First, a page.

Dipyrone (or metamizole) is an analgesic and antipyretic for oral or parenteral administration. Its action mechanism is directly related to the inhibition of the signaling of TRPA1 (Transient Receptor Potential Ankirin 1). The TRPA1 ion channel, located in the plasma membrane of a subpopulation of nociceptors, plays a major role in pain transmission.1–3 However, the clinical use of dipyrone is associated with various adverse effects such as agranulocytosis, aplastic anemia, anaphylaxis, toxic epidermal necrolysis, renal failure, upper gastrointestinal tract bleeding, induction of acute attacks of porphyria, among others.4–7 One study also reported an increased risk of leukemia in children born to mothers who took dipyrone during pregnancy.8 The most severe adverse effects are undoubtedly aplastic anemia and agranulocytosis, the latter being the most frequent. In a population study in the Netherlands, dipyrone was reported to increase the relative risk of agranulocytosis 23-fold.9 This increase occurred in patients treated in hospitals throughout that country and was compared with the reference population, which consisted of all persons in the catchment area of the Pharmaco Morbidity Record Linkage System in the Netherlands. Fatal infections subsequent to dipyrone-mediated agranulocytosis have been reported in adults and in children,10 and mortality associated with agranulocytosis is mostly caused by sepsis.11–14 Death from anaphylaxis due to allergic reactions type I15,16 have also been reported.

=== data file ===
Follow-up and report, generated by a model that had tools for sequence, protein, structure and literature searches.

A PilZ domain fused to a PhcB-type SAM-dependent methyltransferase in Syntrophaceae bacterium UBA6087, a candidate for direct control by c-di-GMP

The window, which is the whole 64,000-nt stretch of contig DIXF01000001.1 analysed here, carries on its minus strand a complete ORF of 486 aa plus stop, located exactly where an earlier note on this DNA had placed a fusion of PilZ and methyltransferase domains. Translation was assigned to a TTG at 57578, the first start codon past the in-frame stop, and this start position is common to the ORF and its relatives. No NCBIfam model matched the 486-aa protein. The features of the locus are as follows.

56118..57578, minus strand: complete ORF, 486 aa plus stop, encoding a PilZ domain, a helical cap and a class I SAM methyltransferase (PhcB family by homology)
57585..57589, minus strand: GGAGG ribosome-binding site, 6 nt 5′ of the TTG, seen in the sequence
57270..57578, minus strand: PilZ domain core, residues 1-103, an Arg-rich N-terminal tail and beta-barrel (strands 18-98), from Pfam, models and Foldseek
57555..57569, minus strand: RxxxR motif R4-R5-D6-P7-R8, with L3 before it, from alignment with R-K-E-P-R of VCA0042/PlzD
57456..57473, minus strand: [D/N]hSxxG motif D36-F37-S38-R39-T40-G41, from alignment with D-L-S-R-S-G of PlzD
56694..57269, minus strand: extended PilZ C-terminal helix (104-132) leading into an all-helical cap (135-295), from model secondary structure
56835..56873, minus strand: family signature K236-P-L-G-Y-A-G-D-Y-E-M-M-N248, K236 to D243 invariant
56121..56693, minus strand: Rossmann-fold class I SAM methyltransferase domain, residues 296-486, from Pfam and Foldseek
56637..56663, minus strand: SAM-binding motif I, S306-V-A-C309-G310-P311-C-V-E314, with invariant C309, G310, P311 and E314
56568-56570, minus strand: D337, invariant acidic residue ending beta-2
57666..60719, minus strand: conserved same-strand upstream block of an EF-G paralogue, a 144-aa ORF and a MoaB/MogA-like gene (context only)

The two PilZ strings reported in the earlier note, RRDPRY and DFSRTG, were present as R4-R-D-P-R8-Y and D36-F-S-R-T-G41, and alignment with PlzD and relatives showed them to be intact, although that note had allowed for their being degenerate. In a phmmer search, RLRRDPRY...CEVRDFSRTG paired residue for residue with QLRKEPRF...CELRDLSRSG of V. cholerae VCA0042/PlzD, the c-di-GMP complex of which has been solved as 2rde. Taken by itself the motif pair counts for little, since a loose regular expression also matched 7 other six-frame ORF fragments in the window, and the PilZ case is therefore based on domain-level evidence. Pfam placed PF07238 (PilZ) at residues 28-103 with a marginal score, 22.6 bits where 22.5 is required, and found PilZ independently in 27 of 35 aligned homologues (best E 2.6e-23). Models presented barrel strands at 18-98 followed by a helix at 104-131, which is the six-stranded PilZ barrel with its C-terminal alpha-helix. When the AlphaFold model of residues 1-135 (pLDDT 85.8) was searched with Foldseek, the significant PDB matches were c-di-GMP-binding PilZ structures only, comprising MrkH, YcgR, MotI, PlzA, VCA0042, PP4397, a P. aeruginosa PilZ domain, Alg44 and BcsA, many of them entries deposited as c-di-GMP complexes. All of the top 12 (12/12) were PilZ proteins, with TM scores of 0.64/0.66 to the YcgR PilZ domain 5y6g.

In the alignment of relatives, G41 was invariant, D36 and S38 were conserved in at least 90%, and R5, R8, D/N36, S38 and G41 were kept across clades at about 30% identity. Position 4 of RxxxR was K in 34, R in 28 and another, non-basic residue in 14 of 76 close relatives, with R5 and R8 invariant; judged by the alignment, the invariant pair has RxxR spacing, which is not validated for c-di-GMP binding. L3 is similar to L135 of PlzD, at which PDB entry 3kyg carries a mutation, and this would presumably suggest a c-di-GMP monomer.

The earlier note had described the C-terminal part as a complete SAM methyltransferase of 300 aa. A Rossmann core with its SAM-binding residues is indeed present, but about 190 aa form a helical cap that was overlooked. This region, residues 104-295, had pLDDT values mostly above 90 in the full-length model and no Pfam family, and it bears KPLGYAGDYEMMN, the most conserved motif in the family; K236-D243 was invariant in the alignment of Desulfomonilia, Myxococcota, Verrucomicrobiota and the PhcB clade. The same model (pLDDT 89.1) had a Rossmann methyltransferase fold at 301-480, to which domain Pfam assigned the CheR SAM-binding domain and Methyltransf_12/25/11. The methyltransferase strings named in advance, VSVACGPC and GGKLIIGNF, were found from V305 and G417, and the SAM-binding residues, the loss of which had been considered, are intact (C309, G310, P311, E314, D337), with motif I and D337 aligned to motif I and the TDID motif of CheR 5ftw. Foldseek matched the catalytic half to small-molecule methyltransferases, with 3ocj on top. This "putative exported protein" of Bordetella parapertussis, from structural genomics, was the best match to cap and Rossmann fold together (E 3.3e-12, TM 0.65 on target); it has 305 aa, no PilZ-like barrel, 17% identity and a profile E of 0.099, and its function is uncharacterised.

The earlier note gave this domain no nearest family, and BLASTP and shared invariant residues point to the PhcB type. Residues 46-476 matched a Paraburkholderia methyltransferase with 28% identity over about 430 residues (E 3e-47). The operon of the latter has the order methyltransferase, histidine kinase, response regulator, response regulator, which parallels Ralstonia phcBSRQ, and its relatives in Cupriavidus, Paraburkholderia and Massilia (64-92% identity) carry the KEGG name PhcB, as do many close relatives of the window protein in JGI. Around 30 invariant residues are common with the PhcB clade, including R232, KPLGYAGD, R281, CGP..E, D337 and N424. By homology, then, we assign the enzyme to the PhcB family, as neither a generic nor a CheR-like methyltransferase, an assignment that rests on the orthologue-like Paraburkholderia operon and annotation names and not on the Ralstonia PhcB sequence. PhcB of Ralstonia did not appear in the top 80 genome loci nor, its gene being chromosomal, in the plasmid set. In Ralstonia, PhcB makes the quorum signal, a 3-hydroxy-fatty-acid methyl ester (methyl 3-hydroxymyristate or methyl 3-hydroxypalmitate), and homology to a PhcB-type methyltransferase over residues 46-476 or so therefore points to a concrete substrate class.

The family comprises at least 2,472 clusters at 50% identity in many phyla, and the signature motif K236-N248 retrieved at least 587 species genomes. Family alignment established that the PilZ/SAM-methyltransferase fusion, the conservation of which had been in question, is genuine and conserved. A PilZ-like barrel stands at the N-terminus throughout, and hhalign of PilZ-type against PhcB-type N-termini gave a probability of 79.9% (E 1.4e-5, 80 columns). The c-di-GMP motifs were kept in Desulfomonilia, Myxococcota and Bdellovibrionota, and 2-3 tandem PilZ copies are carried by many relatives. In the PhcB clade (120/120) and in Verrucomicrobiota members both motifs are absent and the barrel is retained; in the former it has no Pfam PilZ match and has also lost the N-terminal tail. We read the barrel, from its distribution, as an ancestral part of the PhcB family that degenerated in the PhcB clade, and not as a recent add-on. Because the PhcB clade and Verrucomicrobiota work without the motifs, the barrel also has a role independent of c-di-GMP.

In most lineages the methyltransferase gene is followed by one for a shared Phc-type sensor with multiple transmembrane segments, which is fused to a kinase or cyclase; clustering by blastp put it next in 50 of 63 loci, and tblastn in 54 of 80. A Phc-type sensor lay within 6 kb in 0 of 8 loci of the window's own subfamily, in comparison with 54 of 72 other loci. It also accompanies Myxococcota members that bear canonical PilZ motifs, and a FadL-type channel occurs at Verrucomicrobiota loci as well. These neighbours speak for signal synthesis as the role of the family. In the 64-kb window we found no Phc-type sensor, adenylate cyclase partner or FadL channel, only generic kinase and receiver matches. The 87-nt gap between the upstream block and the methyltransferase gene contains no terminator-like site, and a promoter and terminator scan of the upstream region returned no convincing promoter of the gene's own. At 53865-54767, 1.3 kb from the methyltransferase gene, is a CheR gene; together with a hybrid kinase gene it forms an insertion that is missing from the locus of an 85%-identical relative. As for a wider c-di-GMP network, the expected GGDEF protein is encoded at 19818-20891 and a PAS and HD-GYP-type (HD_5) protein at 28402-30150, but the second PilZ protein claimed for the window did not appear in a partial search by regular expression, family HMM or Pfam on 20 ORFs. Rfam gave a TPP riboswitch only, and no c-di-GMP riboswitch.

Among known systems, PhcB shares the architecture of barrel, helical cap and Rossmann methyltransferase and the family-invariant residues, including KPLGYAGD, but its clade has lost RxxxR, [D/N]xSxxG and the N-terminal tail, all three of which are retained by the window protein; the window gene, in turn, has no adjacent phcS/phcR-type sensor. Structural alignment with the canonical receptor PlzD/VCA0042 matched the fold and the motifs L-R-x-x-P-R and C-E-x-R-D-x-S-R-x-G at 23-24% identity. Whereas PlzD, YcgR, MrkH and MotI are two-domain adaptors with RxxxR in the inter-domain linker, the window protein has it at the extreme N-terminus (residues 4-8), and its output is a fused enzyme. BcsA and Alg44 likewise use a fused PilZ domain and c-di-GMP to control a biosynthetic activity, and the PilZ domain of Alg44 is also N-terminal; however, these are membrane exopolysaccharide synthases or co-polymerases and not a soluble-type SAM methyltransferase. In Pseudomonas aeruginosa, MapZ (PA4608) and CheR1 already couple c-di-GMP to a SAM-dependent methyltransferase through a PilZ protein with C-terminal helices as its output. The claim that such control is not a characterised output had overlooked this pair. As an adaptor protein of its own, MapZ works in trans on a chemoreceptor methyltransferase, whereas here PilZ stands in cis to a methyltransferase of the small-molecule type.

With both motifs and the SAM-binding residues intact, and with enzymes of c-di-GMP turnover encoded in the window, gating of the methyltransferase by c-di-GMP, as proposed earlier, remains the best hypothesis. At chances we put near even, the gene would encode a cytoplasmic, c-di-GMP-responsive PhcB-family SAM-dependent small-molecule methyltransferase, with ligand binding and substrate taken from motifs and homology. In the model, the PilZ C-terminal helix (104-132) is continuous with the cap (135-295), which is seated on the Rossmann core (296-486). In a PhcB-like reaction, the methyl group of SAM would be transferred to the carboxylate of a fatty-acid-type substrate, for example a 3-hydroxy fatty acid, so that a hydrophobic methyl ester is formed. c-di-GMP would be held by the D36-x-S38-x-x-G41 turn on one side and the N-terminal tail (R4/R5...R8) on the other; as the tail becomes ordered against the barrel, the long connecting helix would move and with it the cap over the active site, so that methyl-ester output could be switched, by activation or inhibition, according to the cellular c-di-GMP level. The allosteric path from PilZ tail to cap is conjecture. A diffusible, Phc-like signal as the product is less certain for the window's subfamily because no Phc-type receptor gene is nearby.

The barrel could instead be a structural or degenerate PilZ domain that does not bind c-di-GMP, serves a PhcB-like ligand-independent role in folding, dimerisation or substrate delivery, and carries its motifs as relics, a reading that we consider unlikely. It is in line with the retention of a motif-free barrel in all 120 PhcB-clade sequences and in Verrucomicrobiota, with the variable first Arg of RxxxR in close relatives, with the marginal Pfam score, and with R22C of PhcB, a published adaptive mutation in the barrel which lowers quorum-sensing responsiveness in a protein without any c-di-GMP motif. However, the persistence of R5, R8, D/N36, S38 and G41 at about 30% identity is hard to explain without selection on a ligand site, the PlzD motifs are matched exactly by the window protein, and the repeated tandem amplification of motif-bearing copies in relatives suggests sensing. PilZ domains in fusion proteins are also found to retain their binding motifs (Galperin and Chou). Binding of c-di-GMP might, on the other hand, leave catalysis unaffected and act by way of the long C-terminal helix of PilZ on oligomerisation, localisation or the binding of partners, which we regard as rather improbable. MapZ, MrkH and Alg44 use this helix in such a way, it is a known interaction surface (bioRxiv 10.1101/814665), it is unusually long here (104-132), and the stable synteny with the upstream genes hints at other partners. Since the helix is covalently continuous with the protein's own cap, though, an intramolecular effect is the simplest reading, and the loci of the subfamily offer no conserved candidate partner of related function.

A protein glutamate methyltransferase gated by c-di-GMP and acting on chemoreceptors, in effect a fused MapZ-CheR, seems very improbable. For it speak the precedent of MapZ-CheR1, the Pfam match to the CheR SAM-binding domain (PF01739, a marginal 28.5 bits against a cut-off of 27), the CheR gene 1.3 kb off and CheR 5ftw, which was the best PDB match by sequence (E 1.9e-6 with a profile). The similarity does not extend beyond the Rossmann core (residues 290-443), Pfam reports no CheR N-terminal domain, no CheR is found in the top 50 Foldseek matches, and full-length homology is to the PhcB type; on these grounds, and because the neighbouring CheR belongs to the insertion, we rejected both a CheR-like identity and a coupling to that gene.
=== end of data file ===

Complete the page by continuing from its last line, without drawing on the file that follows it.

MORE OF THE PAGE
The incidence of dipyrone agranulocytosis varies in the medical literature. In 1973, Sweden reported an incidence of 1 per 10,000 inhabitants,17 and in 1981 the incidence of agranulocytosis in Germany was 1 in 20,000. A more recent study in Germany, which analyzed data from 2000 to 2010, reported an incidence of 1 in 1 million.18 As a consequence of the high number of severe adverse effects and deaths associated with dipyrone, this drug was initially withdrawn from the market in Canada in 1963, and subsequently in the United States in 1973.19 In addition, a total of 30 countries in the world have withdrawn it from the market, mainly in European countries and Australia.20 However, despite warnings about the risk of dipyrone causing blood dyscrasias and, at worst, death, many countries in Latin America continue to use it for clinical purposes and its free sale allows an indiscriminate use without control mechanisms. The consumption of dipyrone without medical prescription and its association with agranulocytosis is known in the United States among the Latin American immigrant population.21 In Latin America, the impact of the free sale of dipyrone could be one of the factors for which its mild and moderate adverse effects are neither recognized nor reported and, therefore, its incidence may be underestimated. Reports of adverse effects of dipyrone in these countries are low. Their record would be limited to cases of severe infection, anaphylaxis, and other serious medical conditions, where urgent medical attention is necessary.22